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2012 Volkswagen Routan Photo
7.8
/ 10
TCC Rating
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Reviewed by Marty Padgett
Editorial Director, The Car Connection
BASE INVOICE
$25,912
BASE MSRP
$27,020
Quick Take
The Volkswagen Routan isn't very different from the Chrysler minivans--and that means top safety performance and features, with a little less than best-in-class flexibility. Read more »
7.8 out of 10
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The Basics:

The Volkswagen Routan minivan is something drivers don't see very often. It's a slow seller, for one, but it's also a pretty pure example of badge engineering, something that's largely gone away with the demise of Plymouth, Oldsmobile and Mercury.

The Routan's essentially identical to the Dodge Grand Caravan and Chrysler Town & Country, with a unique VW grille and some distinctive interior trim. It used to work in the Routan's favor, before 2011, when the Chrysler minivans had dreadfully plasticky interiors. That's no longer the case, and now, picking the Routan's styling is more a matter of taste than of quality. It's still among the more boxy minivans, especially in light of the latest Nissan Quest and Honda Odyssey.

Last year, the Routan joined the Chrysler minivans in adopting a single new powertrain. The 3.6-liter Pentastar V-6 is teamed up with a six-speed automatic, and the front-drive minivan isn't offered with all-wheel drive. Though we haven't driven the Routan, which has minor differences in suspension tuning, we've spent a lot of time behind the wheel in both the Chrysler and Dodge minivans, and can report a pleasant driving experience. The Pentastar's a fairly brisk performer, and steering is quick and not too light, by minivan standards. In the Chryslers, the ride quality is very good, and body roll isn't as overwhelming as in the past, but the Chrysler vans do bound a bit when they encounter a series of long bumps in the road. We'll report back if we find differently in the Routan.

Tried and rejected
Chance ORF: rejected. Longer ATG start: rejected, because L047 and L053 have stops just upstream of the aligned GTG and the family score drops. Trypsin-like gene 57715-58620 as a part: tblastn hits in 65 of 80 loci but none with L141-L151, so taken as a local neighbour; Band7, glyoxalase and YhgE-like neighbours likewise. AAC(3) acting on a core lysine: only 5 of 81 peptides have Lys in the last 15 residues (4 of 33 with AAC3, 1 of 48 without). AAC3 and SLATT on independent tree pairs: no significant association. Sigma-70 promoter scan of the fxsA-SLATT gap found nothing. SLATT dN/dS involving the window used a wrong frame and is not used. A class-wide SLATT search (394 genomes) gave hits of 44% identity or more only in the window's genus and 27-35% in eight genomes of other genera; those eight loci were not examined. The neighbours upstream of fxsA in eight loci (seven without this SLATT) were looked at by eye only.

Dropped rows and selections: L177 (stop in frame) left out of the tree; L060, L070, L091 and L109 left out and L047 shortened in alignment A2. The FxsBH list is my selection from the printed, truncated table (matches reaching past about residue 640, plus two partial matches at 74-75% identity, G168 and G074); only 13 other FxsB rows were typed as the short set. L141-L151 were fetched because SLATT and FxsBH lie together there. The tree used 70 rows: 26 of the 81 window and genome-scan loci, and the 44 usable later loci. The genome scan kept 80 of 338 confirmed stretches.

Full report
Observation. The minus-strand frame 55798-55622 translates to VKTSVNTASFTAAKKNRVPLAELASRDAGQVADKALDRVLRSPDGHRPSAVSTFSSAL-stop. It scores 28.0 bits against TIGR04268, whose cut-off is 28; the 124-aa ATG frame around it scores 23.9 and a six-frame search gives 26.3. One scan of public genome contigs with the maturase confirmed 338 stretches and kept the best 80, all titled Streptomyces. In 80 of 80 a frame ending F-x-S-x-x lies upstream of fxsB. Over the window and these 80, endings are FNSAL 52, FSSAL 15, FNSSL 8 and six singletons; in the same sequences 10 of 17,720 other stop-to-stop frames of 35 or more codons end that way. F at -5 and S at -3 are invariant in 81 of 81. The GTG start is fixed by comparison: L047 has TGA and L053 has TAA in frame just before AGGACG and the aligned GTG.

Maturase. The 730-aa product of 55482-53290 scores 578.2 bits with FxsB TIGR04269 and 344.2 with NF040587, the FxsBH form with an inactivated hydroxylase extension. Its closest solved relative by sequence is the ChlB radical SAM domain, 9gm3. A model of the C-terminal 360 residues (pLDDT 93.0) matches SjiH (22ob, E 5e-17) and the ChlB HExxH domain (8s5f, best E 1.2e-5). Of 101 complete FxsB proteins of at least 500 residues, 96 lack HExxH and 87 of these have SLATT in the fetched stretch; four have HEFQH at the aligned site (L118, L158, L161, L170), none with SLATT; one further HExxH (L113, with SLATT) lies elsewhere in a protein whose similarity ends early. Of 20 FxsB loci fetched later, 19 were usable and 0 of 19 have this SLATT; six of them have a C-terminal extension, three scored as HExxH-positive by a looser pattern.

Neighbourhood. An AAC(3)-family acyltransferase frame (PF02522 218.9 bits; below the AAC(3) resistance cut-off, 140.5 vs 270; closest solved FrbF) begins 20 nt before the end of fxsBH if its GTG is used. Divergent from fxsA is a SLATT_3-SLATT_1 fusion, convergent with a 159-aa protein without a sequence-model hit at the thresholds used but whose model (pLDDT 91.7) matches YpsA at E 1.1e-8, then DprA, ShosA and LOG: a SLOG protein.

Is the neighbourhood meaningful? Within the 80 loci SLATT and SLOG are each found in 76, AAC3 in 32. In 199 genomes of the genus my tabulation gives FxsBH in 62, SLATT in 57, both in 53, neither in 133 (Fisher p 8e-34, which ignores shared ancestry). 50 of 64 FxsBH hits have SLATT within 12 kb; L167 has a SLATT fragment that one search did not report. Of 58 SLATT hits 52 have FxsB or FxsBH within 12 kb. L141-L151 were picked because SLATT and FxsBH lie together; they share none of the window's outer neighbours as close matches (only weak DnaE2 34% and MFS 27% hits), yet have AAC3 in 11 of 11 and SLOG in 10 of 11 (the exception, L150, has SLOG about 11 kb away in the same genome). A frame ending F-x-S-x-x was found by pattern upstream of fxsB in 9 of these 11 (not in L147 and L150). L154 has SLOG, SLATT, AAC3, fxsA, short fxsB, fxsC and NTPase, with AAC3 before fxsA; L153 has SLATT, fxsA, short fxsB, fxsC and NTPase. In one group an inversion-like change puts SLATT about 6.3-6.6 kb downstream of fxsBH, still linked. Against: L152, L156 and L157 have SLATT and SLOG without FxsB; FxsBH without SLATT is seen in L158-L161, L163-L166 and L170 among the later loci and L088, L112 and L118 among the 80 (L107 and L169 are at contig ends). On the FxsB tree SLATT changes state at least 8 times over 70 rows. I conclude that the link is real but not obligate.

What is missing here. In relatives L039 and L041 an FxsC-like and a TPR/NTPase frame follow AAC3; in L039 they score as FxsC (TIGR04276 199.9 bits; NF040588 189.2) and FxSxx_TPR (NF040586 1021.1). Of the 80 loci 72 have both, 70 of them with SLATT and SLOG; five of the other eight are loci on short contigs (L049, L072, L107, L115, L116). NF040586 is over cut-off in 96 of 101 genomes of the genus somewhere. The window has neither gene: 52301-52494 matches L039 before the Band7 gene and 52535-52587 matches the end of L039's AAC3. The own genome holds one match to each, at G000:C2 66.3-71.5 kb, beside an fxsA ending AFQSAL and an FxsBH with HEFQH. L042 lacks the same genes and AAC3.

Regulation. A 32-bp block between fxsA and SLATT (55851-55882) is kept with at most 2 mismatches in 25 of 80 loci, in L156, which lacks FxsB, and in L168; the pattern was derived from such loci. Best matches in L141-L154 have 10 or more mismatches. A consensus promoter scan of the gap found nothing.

Inside the VW van, there's an important seating issue that casts the Routan more in line with the Sienna and Odyssey. Chrysler keeps a great feature to itself: on the Grand Caravan and Town & Country, the second-row seats can be folded flat into the floor (Stow 'N Go, according to the marketing department), or left up, with the in-floor space instead dedicated to other storage. In the Routan, the second-row captain's chairs fold and slide forward, but don't disappear in the floor, as the seats in the Honda and Toyota do. The Routan's third-row seat does fold flat, expanding cargo space and giving the Routan competitive cargo-carrying capability. We've been pleased to find third-row seat room in the Chrysler vans is nearly adult-sized, and expect no different from the Routan.

The Chrysler vans have scored top safety ratings from the IIHS, which calls them a Top Safety Pick, and it applies to the structurally identical Routan. The Routan comes with the usual airbags and stability control, and blind-spot monitors and a rearview camera are offered, along with Bluetooth.

The Routan lacks some of the Chrysler minivans' advanced tech features, such as in-car wireless Internet and Sirius BackseatTV. However, VW does offer power sliding doors and a power tailgate; a rear-seat DVD entertainment system with twin LCD screens; a navigation system; a sunroof; satellite radio; a USB port; and a premium audio system. There's a slight premium that comes with the Routan versus Dodge's Grand Caravan, but to some minivan drivers, the VW badge and slightly nicer interior might make up for some of the missing flexibility and features.

We'll update this review once the Routan is available for a test drive. For now, see our in-depth review of the 2010 Volkswagen Routan, and if you're curious about new powertrains, take a look at our first drive of the latest Dodge Grand Caravan.

 

Likes:

  • Roomy, airy cabin
  • Improved powertrain
  • Better interior
  • Top-drawer safety gear

Dislikes:

  • No all-wheel drive
  • No fold-away second-row seats
  • A little more expensive than Chrysler's vans
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